"“A radical is one who advocates sweeping changes in the existing laws and methods of government.” "
  • Anonymous2Anonymous2 Posts: 1,964 Officer
    This is true. Generally, screws , even if this is what the poster was wanting to remove rust stains from, are of a generic hardware that wasn't, but should be,a thing of beauty. On the other hand, they should be of a 304 or 316 stainless not 410. But, the cost diferance is huge so 410 gets used. Below is a snip from the article online.

    Electropolishing
    Electropolishing is an electrochemical process which brightens the steel surface by selective dissolution of the high points - it is the opposite of electroplating, and is carried out with similar equipment.

    The process is able to produce a very attractive and hygienic finish, but trials should first be conducted to determine the optimum prior surface condition and polishing parameters. Electropolishing of some surfaces results in a frosted rather than smooth finish.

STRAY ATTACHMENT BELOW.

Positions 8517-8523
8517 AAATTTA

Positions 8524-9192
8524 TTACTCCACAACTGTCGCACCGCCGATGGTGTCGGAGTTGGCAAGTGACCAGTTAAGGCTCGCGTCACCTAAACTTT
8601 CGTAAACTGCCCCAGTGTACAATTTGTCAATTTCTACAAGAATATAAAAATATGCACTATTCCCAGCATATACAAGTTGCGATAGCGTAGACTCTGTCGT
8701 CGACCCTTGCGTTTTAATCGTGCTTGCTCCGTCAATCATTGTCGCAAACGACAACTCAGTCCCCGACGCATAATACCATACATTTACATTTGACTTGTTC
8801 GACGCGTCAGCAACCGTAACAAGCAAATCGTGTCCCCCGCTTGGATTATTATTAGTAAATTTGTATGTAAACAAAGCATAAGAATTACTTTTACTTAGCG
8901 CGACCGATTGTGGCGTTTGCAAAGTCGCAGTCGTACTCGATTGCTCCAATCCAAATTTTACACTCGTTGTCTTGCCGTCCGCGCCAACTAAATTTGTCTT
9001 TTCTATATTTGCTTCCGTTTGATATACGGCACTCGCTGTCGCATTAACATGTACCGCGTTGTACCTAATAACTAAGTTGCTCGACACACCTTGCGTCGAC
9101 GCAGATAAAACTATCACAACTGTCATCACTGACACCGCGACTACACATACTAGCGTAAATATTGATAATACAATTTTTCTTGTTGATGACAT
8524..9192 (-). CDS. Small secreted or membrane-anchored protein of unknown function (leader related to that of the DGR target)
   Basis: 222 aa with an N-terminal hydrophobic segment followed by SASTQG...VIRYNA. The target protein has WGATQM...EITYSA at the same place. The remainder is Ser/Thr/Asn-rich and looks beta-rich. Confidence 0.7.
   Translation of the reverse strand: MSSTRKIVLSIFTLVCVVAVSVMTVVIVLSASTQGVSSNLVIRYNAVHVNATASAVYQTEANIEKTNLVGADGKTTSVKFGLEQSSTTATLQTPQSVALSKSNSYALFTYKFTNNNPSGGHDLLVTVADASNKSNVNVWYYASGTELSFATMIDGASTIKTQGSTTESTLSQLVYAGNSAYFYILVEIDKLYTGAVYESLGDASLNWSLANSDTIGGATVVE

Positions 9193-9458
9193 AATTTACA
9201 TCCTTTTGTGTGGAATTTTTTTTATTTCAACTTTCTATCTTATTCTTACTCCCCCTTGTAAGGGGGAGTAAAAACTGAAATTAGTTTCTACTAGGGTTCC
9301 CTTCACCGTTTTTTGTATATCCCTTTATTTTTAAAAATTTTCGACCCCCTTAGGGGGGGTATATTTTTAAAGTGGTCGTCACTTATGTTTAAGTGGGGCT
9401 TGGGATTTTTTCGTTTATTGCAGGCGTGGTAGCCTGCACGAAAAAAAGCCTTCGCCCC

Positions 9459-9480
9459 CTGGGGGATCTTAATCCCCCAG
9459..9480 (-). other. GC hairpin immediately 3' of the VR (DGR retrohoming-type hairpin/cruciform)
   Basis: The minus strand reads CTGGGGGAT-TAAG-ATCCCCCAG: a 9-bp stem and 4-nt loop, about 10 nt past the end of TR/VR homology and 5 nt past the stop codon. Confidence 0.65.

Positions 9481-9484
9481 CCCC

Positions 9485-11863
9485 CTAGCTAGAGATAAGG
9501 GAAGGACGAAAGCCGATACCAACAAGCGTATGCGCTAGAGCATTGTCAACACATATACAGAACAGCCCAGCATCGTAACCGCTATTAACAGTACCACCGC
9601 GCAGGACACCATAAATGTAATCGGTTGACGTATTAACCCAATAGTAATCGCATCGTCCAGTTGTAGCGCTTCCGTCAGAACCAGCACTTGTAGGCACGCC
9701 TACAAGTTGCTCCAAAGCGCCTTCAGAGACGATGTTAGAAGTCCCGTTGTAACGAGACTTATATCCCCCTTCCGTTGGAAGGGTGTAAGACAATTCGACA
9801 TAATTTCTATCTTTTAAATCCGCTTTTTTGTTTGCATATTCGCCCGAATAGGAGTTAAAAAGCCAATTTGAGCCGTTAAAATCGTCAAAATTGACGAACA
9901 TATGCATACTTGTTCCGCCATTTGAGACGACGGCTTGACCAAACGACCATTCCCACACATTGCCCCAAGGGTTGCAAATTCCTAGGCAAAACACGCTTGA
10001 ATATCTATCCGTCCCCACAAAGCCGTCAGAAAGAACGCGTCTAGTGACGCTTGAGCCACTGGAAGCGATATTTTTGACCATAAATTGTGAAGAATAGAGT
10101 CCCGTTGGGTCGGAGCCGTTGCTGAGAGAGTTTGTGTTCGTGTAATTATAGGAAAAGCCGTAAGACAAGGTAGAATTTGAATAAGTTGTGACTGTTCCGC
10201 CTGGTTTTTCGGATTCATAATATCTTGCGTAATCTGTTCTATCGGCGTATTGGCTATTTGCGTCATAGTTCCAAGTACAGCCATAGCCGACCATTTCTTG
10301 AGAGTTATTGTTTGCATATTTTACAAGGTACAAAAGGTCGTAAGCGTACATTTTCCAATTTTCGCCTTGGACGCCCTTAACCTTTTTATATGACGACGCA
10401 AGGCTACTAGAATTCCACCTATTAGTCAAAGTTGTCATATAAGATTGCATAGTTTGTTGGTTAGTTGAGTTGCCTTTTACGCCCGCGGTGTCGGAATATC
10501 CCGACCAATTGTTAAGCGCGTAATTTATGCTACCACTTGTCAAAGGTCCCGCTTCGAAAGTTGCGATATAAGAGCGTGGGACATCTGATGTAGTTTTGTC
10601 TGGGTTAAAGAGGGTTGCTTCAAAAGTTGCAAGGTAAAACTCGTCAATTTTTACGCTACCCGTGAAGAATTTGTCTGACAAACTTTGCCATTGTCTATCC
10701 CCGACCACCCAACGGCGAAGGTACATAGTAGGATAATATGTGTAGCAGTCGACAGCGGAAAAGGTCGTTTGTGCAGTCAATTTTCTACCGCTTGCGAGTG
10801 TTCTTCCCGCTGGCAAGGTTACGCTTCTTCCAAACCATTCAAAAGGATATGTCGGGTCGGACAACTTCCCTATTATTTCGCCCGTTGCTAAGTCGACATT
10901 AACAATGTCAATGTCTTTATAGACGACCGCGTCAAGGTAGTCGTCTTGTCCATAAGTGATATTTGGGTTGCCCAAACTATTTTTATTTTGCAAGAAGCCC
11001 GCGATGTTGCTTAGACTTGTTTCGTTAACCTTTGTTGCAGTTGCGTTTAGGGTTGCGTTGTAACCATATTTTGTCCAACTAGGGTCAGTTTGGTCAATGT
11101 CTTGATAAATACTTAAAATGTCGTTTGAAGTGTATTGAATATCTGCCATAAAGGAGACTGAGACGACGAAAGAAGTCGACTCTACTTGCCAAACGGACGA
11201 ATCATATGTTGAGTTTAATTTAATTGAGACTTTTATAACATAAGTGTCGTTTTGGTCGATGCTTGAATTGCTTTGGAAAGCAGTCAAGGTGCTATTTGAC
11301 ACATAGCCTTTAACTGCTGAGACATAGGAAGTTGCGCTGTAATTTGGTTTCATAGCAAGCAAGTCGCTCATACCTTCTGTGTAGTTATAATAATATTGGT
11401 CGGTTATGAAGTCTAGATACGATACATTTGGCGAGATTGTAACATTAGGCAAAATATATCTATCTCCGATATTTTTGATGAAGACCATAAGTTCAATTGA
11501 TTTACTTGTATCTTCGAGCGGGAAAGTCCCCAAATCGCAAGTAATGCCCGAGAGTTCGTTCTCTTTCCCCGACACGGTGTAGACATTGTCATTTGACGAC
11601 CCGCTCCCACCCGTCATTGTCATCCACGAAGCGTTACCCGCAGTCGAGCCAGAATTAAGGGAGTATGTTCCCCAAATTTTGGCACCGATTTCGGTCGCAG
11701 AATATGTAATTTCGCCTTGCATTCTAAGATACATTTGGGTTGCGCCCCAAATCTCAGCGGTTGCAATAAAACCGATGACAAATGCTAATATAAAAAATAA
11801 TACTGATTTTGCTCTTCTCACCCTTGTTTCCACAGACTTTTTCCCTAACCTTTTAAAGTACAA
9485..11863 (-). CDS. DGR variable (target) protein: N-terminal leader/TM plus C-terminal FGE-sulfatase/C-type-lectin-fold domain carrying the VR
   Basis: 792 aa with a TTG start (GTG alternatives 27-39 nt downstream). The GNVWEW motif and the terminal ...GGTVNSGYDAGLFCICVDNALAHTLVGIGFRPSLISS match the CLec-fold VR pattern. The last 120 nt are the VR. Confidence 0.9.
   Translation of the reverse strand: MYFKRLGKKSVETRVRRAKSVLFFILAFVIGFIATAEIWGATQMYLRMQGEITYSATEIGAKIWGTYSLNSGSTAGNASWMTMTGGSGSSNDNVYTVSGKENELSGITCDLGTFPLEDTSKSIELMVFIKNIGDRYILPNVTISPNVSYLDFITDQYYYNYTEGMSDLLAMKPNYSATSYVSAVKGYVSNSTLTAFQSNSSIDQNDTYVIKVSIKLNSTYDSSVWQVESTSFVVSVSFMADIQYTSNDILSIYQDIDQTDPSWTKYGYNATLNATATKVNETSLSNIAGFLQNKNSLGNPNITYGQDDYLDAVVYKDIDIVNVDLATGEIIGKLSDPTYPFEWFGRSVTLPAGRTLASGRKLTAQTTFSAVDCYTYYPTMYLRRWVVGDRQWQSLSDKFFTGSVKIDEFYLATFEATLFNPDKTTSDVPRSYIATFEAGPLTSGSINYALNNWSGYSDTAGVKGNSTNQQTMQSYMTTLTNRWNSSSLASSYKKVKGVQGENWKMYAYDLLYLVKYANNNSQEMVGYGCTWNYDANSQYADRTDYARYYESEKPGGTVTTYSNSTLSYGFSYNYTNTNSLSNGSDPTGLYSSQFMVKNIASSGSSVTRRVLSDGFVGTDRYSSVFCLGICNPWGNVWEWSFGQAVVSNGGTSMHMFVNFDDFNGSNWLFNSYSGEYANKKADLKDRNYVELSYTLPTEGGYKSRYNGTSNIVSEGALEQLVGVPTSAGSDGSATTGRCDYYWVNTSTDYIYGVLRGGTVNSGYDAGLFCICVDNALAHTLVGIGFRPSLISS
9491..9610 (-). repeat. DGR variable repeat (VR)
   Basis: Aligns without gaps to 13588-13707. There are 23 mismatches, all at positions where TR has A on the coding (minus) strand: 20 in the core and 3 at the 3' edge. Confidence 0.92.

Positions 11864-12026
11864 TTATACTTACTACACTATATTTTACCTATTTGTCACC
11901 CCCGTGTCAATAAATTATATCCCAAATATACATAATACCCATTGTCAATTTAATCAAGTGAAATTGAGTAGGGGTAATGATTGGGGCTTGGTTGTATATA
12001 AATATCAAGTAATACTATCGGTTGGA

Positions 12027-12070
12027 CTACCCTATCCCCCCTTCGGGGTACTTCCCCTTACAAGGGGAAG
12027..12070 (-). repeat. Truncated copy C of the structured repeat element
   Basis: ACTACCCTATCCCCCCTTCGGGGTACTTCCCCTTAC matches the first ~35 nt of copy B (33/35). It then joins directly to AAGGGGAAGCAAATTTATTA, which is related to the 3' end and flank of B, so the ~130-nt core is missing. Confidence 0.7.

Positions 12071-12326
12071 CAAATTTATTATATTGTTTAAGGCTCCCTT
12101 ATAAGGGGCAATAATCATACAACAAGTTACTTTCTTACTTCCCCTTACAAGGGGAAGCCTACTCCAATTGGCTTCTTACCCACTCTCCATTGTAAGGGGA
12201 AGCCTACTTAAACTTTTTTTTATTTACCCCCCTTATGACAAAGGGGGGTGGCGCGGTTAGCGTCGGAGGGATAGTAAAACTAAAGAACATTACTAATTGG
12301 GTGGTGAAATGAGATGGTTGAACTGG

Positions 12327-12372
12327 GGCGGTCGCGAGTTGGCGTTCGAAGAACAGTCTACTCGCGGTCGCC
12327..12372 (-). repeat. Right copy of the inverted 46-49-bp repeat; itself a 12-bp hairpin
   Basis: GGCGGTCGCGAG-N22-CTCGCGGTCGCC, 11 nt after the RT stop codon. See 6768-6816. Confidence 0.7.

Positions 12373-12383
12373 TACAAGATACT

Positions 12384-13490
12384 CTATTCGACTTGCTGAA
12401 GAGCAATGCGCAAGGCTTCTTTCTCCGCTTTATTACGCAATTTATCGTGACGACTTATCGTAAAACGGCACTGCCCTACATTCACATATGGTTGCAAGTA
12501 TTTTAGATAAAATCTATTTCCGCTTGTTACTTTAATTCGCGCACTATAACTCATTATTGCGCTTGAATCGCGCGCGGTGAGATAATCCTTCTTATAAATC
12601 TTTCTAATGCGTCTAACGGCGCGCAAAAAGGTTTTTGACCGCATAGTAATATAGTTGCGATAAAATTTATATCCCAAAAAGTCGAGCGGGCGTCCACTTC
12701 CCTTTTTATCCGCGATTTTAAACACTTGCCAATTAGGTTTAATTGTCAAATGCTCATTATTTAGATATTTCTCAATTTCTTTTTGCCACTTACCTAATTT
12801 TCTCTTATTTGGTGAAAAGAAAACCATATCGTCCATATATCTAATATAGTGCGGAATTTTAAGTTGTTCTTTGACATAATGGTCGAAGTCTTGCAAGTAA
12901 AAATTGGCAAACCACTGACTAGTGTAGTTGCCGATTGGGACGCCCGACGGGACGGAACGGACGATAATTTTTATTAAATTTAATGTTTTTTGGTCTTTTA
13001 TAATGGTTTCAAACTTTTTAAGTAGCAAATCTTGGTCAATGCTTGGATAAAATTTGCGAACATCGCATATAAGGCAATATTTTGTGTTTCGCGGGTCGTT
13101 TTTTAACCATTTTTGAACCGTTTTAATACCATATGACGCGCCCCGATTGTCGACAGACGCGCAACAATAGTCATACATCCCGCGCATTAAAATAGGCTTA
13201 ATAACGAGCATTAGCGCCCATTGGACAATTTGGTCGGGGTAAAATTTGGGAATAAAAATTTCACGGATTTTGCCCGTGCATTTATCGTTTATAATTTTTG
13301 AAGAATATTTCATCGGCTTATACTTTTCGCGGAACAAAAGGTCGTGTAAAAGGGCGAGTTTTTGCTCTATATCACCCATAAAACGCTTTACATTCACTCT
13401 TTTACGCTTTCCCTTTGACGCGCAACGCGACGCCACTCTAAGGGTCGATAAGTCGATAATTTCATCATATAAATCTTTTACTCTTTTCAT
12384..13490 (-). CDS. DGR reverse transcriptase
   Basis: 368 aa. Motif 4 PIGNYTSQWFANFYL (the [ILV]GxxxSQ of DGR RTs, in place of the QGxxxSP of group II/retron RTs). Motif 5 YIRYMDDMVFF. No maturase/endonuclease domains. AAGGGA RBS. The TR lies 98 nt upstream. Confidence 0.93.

• Anonymous2Anonymous2 Posts: 1,964 Officer
    And if you use a screw driver on the electroplated part, it takes on free iron, and that is what it rusting. It's a viscous cycle. :/
  • PattonC222PattonC222 Posts: 286 Officer
    Mango Man wrote: »
    Yep, the amount of scrubbing depends on how bad the rust is.

    Be careful with the Barkeepers, it will take the shine away real quick if you get aggressive with it.
  • T TopT Top Posts: 3,706 Captain
    Rust Wink, we get it at Publix, wipe/spray on rinse off 5 min later. EZPZ
  • BoatelectronicguyBoatelectronicguy Posts: 48 Deckhand